I am still furious at a society that traps people by confusing them with a flood of conflicting messages and information. The horrors of drunk driving are demonstrated by seriously impaired people weaving down the road, ricocheting off of guard rails. Alcohol abuse is sensationalized by its extremes. Well, sure, don’t we all want to get those people off the road? But we aren’t them, are we? We don’t drink to the point of staggering and passing out. We never get behind the wheel when we feel impaired. But, surprise! The laws are written such that you don’t need to feel impaired to be illegal. You don’t need to be anywhere near the extremes to qualify as a drunk driver. And every day people who had no idea they were doing anything wrong get busted.

Classic BondAnd what about the Bond effect? Those movies and TV shows that make drinking so cool, so sexy. All those people you’d love to be like, sophisticated, successful, desirable, they are swirling the bourbon in their glasses, or knocking back the shots, the beers, reclining by the pool with their glasses of wine. They go out to bars, drink in restaurants, meet on balconies for a nightcap, and then drive off to the next dramatic scene where they are offered a drink and coyly accept. Break for commercial, where beautiful people having much more fun than you, are drinking and laughing and buying another round.

And none of these people ever get busted for DUI. Not unless they are all over the road and an obvious danger to themselves and everyone else.

We are not rational animals. We like to pretend we are, and we do have a wonderful ability to override our instincts and impulses with our very clever brain. But the bottom line is, we don’t always make rational choices. We are susceptible to advertising, peer pressure, culture and superstition. We are vulnerable. We each try very hard to be personally responsible, but we screw up. All of us do. As a society, we have to do our best to allow for that. To make it as easy as possible for people to make the right choices. To give them all the information we can, be as flexible as we can, as supportive and understanding as we can.  (For more on the latest research on the most effect ways to treat addiction, follow this link.)

Our policies, laws and treatment of alcohol use and abuse are a splendid example of how we as a society are failing abominably.




4 responses

4 05 2015
Michelle D Bouchard

“If we hide the stuff we’re ashamed of, and only present the stuff we’re proud of to the world, we all get a skewed idea of what normal is.”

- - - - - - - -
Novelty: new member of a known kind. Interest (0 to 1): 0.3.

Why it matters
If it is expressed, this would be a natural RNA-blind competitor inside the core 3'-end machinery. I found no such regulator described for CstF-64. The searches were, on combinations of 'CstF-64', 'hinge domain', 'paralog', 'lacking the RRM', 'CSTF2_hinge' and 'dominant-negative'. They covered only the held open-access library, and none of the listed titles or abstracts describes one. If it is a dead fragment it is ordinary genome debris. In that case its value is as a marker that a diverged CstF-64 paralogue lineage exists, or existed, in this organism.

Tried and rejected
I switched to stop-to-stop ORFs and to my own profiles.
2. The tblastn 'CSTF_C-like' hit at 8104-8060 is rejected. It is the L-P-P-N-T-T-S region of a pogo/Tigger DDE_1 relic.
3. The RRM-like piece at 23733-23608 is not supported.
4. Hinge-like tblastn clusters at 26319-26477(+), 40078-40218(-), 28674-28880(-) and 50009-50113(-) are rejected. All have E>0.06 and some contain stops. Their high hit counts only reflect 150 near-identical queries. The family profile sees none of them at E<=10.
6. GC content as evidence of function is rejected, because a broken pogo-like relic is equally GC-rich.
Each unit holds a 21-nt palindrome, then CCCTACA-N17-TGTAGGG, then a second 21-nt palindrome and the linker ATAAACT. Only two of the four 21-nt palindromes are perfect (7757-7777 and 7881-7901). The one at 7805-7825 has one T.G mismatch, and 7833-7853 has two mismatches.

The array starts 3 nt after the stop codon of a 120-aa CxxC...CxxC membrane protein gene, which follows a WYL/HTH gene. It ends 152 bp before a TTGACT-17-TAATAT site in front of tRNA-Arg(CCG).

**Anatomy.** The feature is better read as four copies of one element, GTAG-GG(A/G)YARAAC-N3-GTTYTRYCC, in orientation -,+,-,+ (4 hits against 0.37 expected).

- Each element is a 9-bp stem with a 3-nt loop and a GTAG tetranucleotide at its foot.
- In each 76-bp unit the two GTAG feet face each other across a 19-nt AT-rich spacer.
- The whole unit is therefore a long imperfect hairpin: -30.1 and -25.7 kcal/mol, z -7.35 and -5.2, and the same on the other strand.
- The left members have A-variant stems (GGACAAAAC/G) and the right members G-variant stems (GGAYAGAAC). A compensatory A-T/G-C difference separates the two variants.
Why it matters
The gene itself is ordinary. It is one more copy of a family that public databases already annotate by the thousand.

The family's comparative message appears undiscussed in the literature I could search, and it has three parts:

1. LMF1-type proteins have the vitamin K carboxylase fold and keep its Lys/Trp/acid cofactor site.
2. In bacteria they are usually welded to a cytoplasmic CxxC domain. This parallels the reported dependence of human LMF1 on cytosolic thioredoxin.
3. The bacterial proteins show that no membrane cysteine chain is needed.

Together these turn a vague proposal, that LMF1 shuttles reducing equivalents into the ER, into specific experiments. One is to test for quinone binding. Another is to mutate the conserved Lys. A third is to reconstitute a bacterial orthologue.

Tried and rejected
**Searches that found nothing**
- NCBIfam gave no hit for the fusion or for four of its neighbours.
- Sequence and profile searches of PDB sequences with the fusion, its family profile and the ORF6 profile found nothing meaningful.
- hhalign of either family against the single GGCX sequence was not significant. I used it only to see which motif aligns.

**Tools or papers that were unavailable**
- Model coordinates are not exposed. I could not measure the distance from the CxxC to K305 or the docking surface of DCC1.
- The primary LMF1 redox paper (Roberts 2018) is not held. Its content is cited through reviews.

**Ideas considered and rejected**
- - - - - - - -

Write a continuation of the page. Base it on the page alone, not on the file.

This. Part of my recovery from crippling depression last year was coming to terms with… having crippling depression and letting those closest to me know. The acceptance of my self, the flawed bits, too, by others was helpful.

I think our legal system is a bit ridiculous and rigid on ‘crime’. I guess it’s to ‘speed up’ the legal system of the idea of impaired driving is a one-size-fits-all sort of thing. Who has time to deal with circumstance, right? No, the weight of that is left to the person who committed the ‘crime’, who can be anyone from a repeat offender to the person who just made one poor choice.

Either way, it’s good to hear you’re finding some value in all of this.

4 05 2015

Depression. The disease that disables the very mechanism you need to get over it. Like a virus that attacks the immune system. I’m so glad you’re in recovery. But much like an addiction, being in recovery doesn’t mean you’re cured. People who have had a serious bout of clinical depression are highly likely to fall prey to it again. Take care of yourself! Also like addiction, the most important part of staying clear of depression is human contact. The support of friends and family who understand and can help you is critical. And the greatest enemies, for all of us, are shame and silence.

5 05 2015
Mary Jolles

Sounds like a positive thing that’s coming from this experience is meeting the other nice, ordinary folks who have run afoul of this law, and realizing that bad things do happen to good people, and they still remain good people in spite of it. It’s reassuring when you realize you are not alone.

I, too, hate the way our society glorifies behaviors (e.g. drinking and smoking) as somehow “cool,” thus confusing the messages. The only thing I can think of is that different parts of society are sending different messages–like two parents who can’t agree on a common plan and are constantly upping the ante, until the kids are completely confused by the extremes.

I think it is out of expediency (time, money, personnel, aggravation) that the laws adopted take a “one-size-fits-all” approach. It would be nearly impossible to determine in all cases just exactly how impaired each individual is, since different people respond to alcohol in different ways–hence, the “objective” blood-alcohol content test. It’s all they’ve got.

In the end, education about not only the dangers of substances but how the law works will help everyone make better decisions.

7 05 2015

Reblogged this on William Chasterson.